Kelly Counselor's Conversations

A discussion about life and how school counseling fits into it all

Words Aren’t Enough

I had the privilege of meeting several awe-inspiring students today at a local Gay-Straight Alliance meetup, as I will be our school’s first advisor beginning next year.  I also fortunately was able to meet Peg, an advisor at a nearby school who told me something still resonating with me.

Like many GSAs, Peg’s group had some push-back getting the group started, both by students and staff.  Members were frustrated as to why they felt unable to convince the protesters of the facts supporting that LGBTQ students didn’t “choose” their lifestyle, aren’t sexual predators, are much more like every other student than not, etc.

Peg told them, “the reason they’re not listening is because words aren’t enough, because their minds were made up before you even started.  Co-existing with them, serving with them, hanging out with them beforehand is the key.  If they know where your heart lies in other areas before you even have this conversation, while you may not convince them fully, you made a chip in their thinking.  A lot of chips can add up.”

WOW.

I think back to my post “Customer Service” where I mentioned listening to others but really just waiting for our turn to speak.  I worry especially in this day and age, with the immediacy that technology and social media provide to say whatever is on our minds (whenever), that this action is further exacerbated.  We can fact-check to death, Google search this and that, prove our point, take offense when someone isn’t “PC”, and argue and create a Facebook thread a mile long, but without the relationship and ACTION, most of it is meaningless.  It just is.

Thoughts dictate action, and action dictates change.  Let’s all be a little more mindful to not just say what we’re thinking, but do it as well.  A small chip to our routines can add up to a lot as well.

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An “Island” No More

Many elementary schools across the country do not have a fully licensed, trained school counselor on their staff; much fewer schools are blessed to have more than one. This often results in the elementary counselor feeling like an island amongst their own staff, even with good collaboration and advocacy. Add that to inappropriate professional development geared towards classroom teachers that counselors often have to take, and one can see why elementary school counselors often feel alienated.

I know I sometimes felt that way, and I loved my former school and staff, and know they “got” me.

So when I began at my new high school, I was thrilled to finally be working with ANOTHER counselor in the SAME building!

And then I quickly fretted- when I was the only one, at least I could make all the decisions for my program, and only blame myself for my mistakes. There was comfort in that. What if the only other counselor I was now with didn’t jive with me?

I soon felt silly in that fear and should have trusted my principal that he not only hired me for my scope of work, but also in thinking of the relationship I’d have with my “teammate.” With her being a first-year counselor and me being new to the secondary world, we have a lot to learn, but with passion, drive, and immense respect for one another, we’ll move mountains.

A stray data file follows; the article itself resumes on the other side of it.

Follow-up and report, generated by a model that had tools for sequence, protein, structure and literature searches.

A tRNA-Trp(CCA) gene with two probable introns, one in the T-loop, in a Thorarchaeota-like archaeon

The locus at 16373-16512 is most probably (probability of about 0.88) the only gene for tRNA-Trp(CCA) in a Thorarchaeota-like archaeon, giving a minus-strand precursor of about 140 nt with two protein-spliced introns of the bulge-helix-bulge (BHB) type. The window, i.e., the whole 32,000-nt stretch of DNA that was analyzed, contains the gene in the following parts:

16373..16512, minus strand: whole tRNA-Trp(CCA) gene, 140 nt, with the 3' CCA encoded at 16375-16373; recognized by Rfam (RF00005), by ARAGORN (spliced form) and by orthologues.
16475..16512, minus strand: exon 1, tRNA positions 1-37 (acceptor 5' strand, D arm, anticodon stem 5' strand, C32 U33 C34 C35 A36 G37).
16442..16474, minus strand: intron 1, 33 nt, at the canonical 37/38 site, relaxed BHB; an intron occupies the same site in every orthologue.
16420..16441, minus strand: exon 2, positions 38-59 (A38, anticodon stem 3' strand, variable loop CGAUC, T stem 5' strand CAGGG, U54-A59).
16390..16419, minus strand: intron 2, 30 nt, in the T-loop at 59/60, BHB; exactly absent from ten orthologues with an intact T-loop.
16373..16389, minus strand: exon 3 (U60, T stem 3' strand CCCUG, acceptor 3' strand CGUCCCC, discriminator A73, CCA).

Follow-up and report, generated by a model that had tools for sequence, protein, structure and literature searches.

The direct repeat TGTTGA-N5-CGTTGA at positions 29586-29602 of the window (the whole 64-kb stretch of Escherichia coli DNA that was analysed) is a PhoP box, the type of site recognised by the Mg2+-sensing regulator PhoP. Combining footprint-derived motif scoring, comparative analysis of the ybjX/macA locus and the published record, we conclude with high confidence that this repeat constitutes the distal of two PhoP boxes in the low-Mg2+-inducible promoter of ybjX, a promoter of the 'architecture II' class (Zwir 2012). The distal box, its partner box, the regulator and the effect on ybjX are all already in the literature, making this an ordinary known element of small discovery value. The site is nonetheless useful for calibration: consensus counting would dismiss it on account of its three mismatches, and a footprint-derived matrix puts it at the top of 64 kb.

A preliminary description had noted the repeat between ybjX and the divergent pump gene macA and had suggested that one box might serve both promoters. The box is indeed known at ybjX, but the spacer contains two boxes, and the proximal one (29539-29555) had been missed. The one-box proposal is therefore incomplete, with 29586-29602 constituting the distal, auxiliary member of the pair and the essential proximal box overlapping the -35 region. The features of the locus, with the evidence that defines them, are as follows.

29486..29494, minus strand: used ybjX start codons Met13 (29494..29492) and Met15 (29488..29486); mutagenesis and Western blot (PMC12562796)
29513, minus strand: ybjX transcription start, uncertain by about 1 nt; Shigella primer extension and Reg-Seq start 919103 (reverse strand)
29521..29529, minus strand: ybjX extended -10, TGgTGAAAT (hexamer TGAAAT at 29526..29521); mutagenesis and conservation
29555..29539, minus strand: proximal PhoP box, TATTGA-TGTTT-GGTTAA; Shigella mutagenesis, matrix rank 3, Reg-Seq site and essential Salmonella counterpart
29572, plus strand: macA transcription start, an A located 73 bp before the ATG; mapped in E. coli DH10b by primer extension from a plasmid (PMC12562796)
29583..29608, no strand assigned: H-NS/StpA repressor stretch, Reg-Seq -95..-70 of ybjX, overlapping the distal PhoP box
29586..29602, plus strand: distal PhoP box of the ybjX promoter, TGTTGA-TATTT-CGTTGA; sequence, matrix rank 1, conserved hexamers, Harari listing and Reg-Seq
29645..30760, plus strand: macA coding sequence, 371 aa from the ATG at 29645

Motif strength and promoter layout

Thank you, Anastasia.

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National School Counselor Week- Reflections for Any Profession

Like many other aspects of work lately, the weather certainly put a damper on #NSCW14, with us only being in school three days this week. But in the midst of the damper, some good things happened as well.

The biggest message I took away from the week is a message all of us, school counselors or not, can keep close to us always- take care of your students (clients), take care of your staff (colleagues), and take care of each other.

1. Take care of your students (clients):
Admittedly, I scaled back on this aspect in terms of announcements, stickers, pencils, etc. this year. I wanted to be more intentional with what I SAID to my students. I made it a point to give extra hugs, words of affirmation, and notes letting certain students know I am thinking of them. The smiles I received meant more than anything else I could have given, and it was all free.

2. Take care of your staff (colleagues):
If your staff is similar to mine, food is the closest way to their hearts. I got a wonderful idea from another counselor two years ago who feeds her staff lunch every year during NCSW, and I decided to do a theme every year. Last year it was Valentine’s desserts, this year it was a summer cookout theme (considering the weather):

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It really was simple stupid, and cost effective- hot dogs and cheeseburger sloppy joe’s in the crockpot, chips, watermelon, and punch. The thank you’s and words of affirmation I got were priceless.

3. Take care of each other:
I was so proud that one of our local newstations ran a series recently called “Guidance Counselor Crisis” in which local school counselors and members of the ISCA board were interviewed regarding growing student-to-counselor ratios and impossible workloads. I know through social media this has at least been spread as far as the East Coast! You can read and view the three part series here:

Part One:
http://www.wndu.com/home/headlines/Guidance-Counselor-Crisis-And-then-there-were-none-242499901.html

Part Two:
http://www.wndu.com/home/headlines/Growing-student-to-counselor-ratios-in-Michigan-and-Indiana–242497551.html

Part Three:
http://www.wndu.com/home/headlines/Guidance-Counselor-Crisis–242819241.html

The best way we can take care of each other is to ADVOCATE.

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